The Jingu Gaien redevelopment controversy
Citizens Ask Governor Koike to Go Back to the Drawing Board


Rochelle Kopp, Organizer of the online petition: ‘Protect Jingu Gaien's trees! Rethink the development plan!’ 

Naoko Nishikawa, Organizer of Jingu Gaien wo Mamoru Yushi Net & Editor-in-Chief, Kenchiku Journal

13:00-14:00 Monday, August 1, 2022

(The speech and Q & A will be English and in Japanese with English interpretation)


The Tokyo Metropolitan Government has given the go-ahead for a major redevelopment of Jingu Gaien, the cluster of sports facilities and green space adjacent to the National Stadium in Sendagaya that includes the iconic avenue lined with four rows of large ginkgo trees. The project has recently become a focus of attention in Tokyo, with people from across the political spectrum speaking out with concerns about the project. This has created a lot of pressure for Tokyo Governor Yuriko Koike, who is being asked how a project that will chop down so many trees can be squared with her emphasis on environmental matters.  

Jingu Gaien, the Outer Garden of Meiji Jingu Shrine, was designated as Japan's first Landscape Conservation area in 1926. Many of the trees in the park were contributed from around the country and the world, and the park was built with volunteer labor and donations. The site is now home to a variety of public sports facilities and two historic stadiums. The redevelopment plan is made possible by a loosening of height restrictions in the area that was implemented in conjunction with the Olympics.

The project entails the following: Switching the locations of and rebuilding Jingu Stadium and Prince Chichibu Memorial Rugby Ground; rebuilding the Itochu headquarters building, nearly doubling its height to 190 meters; adding two additional buildings that will contain offices, hotels, and commercial facilities; relocating the private tennis club to the main plaza area; demolishing the Royal Garden Café, Kihachi and Shake Shack restaurants; eliminating the second baseball stadium, golf driving range, batting dome, indoor playing field, softball fields, public tennis courts and futsal courts; and the cutting down of nearly 1,000 trees.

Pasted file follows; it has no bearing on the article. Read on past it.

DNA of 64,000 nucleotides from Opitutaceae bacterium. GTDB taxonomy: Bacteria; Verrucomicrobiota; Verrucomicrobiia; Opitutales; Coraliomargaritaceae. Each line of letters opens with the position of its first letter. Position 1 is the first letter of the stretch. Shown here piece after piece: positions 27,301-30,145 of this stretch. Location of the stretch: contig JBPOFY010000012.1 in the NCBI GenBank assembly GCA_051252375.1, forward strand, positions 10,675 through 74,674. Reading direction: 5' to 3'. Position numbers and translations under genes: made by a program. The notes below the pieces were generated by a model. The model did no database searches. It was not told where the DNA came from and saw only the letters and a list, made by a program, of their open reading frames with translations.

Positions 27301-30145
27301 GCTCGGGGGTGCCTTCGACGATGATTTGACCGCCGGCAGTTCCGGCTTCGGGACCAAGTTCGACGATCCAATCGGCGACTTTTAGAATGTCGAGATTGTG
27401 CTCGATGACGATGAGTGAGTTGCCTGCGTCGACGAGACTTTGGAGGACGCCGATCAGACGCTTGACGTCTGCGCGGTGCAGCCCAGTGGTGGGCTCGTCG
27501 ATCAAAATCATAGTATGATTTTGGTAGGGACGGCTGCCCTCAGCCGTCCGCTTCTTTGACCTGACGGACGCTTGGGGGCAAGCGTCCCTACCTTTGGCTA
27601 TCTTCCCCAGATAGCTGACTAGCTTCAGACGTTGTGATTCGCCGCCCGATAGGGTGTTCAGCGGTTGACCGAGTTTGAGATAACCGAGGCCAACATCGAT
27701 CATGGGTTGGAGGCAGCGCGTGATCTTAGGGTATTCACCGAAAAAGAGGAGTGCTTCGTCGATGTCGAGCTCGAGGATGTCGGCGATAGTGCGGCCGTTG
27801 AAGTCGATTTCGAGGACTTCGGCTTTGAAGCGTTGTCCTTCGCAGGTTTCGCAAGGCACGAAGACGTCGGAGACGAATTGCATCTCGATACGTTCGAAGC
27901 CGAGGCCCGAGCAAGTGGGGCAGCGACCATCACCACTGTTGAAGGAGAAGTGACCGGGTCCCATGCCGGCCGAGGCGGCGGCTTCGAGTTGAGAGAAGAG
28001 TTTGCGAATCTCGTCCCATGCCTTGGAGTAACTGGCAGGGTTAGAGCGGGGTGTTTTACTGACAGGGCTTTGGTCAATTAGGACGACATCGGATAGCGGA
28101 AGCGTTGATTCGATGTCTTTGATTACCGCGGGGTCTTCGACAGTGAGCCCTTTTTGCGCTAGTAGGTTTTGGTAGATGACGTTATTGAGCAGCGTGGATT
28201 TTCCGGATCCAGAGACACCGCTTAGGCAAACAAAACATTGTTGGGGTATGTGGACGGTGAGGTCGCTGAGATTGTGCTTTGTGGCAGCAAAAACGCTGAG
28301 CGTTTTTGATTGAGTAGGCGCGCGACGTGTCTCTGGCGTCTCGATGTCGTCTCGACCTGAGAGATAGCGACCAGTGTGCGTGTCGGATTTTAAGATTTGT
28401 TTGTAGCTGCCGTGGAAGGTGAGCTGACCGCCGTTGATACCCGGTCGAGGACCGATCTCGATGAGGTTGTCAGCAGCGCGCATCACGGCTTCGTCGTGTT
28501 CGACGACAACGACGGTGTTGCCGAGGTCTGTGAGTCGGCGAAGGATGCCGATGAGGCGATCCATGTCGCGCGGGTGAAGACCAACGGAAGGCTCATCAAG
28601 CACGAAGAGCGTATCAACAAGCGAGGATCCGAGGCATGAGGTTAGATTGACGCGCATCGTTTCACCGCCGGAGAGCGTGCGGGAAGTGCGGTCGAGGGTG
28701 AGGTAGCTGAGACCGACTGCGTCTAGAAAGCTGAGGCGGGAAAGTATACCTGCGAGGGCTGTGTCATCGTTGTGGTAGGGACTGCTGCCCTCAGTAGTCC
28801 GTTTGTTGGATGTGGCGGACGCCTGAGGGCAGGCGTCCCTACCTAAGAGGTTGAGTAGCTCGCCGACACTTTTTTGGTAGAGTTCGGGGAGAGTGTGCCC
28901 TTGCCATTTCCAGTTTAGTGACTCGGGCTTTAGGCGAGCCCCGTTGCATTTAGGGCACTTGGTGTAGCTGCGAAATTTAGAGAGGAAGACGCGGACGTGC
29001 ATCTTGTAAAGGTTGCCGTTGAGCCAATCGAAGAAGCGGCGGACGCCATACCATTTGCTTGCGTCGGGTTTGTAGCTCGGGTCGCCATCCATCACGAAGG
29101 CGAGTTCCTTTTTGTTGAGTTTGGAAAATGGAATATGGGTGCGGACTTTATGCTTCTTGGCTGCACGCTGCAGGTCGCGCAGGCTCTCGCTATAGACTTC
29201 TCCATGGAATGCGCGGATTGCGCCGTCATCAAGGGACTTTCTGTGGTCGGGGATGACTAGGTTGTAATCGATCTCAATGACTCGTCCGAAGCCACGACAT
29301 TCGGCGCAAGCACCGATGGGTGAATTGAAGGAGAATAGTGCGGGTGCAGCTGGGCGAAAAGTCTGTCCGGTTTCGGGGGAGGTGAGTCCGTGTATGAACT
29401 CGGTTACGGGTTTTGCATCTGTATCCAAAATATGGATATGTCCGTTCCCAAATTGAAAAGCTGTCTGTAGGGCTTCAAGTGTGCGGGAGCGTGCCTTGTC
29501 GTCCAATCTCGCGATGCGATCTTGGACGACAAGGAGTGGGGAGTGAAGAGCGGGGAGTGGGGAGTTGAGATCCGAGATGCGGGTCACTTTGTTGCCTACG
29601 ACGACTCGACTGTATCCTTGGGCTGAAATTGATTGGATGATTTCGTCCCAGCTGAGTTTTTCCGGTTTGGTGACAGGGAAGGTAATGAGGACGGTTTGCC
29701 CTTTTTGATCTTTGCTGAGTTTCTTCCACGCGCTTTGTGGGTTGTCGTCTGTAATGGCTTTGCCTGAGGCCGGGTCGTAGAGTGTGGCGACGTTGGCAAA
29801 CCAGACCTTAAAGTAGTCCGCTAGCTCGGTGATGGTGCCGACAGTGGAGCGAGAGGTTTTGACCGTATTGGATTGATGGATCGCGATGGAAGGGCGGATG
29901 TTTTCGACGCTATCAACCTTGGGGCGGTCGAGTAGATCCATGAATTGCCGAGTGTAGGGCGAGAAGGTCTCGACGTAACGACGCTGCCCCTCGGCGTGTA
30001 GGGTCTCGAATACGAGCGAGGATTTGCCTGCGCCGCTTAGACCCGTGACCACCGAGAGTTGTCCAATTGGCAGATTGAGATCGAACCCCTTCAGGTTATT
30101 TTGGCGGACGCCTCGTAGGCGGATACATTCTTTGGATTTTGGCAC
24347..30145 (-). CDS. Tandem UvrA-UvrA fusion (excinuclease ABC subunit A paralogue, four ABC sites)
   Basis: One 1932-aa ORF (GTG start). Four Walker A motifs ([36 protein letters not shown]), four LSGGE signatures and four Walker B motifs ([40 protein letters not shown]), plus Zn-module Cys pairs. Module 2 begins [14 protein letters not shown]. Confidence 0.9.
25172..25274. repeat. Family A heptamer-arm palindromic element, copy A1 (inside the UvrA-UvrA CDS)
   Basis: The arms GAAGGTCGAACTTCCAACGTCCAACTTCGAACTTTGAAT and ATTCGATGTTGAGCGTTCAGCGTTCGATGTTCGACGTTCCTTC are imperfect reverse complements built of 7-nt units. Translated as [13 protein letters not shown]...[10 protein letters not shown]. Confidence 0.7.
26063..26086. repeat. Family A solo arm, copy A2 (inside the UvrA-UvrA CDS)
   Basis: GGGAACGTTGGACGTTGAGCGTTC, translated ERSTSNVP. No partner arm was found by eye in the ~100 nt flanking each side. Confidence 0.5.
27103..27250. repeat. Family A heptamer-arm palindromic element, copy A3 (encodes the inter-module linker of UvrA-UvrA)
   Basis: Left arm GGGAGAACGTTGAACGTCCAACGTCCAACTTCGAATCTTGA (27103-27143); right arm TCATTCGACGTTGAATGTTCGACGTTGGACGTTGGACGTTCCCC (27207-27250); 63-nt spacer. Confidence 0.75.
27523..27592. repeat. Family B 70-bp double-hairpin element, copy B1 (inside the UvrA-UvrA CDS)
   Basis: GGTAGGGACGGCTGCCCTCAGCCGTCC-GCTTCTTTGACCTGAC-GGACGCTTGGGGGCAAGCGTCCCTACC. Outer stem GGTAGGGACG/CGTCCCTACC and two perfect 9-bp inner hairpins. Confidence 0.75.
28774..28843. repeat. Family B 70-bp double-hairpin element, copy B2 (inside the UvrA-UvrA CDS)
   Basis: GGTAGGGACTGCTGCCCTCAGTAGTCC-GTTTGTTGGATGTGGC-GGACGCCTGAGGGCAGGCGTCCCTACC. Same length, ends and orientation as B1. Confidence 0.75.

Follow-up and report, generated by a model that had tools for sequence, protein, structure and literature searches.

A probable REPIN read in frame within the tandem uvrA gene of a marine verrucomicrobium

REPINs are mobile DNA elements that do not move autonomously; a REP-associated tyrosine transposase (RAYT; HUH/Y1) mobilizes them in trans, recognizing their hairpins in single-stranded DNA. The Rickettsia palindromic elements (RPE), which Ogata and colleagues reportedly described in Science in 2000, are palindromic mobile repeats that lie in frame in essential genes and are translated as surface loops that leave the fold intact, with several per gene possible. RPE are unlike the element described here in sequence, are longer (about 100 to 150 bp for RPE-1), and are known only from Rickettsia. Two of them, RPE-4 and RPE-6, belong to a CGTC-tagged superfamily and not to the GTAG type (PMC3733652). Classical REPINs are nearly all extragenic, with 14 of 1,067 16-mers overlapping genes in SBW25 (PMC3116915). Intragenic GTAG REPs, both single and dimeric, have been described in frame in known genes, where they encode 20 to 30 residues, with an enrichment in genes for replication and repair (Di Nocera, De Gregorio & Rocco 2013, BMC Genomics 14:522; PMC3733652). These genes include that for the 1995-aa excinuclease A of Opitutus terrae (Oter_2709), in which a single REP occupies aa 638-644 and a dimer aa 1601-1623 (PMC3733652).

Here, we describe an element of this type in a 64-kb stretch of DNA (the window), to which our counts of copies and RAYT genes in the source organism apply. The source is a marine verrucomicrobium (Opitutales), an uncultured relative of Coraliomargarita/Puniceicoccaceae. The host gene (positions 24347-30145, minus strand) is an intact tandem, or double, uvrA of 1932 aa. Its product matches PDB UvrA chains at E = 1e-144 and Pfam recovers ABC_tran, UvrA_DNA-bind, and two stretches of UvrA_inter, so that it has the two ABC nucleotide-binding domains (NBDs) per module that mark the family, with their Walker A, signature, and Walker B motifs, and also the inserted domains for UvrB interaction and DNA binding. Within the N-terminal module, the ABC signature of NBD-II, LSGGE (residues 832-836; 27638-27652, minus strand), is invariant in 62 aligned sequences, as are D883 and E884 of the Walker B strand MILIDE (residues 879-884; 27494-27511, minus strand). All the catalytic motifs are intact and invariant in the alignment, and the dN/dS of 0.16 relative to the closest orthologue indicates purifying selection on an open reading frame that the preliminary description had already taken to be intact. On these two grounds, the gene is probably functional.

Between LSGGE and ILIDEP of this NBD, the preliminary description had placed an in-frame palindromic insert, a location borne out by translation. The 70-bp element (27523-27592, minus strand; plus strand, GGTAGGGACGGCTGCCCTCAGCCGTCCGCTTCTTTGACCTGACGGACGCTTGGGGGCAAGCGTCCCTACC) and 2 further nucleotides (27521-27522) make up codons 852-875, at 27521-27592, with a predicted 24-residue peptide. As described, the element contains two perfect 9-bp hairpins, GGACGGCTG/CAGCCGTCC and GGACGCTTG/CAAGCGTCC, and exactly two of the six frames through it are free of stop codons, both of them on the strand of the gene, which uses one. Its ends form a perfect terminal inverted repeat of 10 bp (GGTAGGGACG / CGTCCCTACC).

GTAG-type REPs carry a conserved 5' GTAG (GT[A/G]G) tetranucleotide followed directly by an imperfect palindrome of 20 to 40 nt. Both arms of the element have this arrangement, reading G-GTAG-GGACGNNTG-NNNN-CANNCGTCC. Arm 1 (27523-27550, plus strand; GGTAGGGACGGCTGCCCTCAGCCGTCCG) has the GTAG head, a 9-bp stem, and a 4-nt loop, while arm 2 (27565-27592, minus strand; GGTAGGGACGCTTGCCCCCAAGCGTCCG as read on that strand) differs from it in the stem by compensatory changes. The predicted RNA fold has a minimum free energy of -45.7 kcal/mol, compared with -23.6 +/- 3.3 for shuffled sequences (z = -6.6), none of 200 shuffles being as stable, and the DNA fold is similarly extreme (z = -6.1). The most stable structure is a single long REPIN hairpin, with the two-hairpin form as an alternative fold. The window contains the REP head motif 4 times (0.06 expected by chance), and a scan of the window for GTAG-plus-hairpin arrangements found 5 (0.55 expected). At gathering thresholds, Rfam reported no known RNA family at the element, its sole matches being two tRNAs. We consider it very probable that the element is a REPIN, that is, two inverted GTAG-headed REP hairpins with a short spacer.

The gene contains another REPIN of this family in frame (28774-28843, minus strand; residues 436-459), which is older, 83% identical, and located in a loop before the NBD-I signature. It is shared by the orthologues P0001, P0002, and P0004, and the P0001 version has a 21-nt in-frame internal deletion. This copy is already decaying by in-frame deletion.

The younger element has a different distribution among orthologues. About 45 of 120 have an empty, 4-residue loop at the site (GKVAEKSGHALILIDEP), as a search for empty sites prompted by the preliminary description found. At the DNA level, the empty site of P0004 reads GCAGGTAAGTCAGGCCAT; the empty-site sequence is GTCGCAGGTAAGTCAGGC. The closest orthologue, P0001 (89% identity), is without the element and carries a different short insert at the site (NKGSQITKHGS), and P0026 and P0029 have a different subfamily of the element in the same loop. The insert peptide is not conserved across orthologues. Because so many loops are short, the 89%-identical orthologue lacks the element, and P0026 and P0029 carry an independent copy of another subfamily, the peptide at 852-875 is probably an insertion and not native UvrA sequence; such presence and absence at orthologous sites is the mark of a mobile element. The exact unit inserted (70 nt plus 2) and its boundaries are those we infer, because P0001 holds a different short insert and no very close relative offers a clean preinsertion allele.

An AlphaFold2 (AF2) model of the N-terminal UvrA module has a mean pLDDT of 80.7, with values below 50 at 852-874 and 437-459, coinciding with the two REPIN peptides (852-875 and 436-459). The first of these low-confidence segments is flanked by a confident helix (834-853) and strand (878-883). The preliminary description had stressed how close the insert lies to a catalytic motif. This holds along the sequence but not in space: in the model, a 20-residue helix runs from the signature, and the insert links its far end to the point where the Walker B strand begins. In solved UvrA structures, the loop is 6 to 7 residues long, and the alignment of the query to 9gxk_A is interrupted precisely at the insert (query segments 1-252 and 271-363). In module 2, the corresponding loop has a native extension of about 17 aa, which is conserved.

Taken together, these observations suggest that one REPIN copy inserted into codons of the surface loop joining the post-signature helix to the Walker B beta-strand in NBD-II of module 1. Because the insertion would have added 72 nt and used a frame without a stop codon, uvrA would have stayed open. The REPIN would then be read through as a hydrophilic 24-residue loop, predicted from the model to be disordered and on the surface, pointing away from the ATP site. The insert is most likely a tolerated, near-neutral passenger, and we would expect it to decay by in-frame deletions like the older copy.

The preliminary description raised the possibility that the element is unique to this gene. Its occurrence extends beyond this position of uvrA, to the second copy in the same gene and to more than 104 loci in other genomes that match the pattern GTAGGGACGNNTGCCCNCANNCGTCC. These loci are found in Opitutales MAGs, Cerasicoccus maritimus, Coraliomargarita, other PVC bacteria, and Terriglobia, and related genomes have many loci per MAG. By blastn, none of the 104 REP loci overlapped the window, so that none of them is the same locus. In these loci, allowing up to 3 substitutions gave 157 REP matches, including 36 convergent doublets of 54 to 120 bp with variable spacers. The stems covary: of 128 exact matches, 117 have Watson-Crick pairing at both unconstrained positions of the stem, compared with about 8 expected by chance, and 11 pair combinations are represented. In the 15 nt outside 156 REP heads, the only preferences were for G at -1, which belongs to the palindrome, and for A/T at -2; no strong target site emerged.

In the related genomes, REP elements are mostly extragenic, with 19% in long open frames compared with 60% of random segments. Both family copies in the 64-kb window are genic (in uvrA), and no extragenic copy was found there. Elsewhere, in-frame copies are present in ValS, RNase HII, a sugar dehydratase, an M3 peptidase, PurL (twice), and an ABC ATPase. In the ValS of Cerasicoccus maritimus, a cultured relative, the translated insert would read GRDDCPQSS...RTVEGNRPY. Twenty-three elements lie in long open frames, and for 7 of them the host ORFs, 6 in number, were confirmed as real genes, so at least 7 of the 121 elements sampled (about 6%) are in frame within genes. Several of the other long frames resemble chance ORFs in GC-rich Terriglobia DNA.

Two activists, Naoko Nishikawa and Rochelle Kopp, will tell the FCCJ about the various concerns and issues related to the redevelopment project.

How to attend: Please register at with your name, the name of your media outlet, and FCCJ membership number. Due to space restrictions attendance will be limited. Doors open 15 minutes before the event. Please sign in, giving your name and contact details at the reception, and have your temperature taken before proceeding. 

How to watch online: 
Livestreaming of the press events will be available and video of this event will be uploaded to our FCCJ YouTube channel. 

How to ask questions: 
Members watching the event online can submit questions for the speakers in advance using this submission form.

TV crew: Please make a reservation at Doors open for TV crews only at 30 minutes before the event. 


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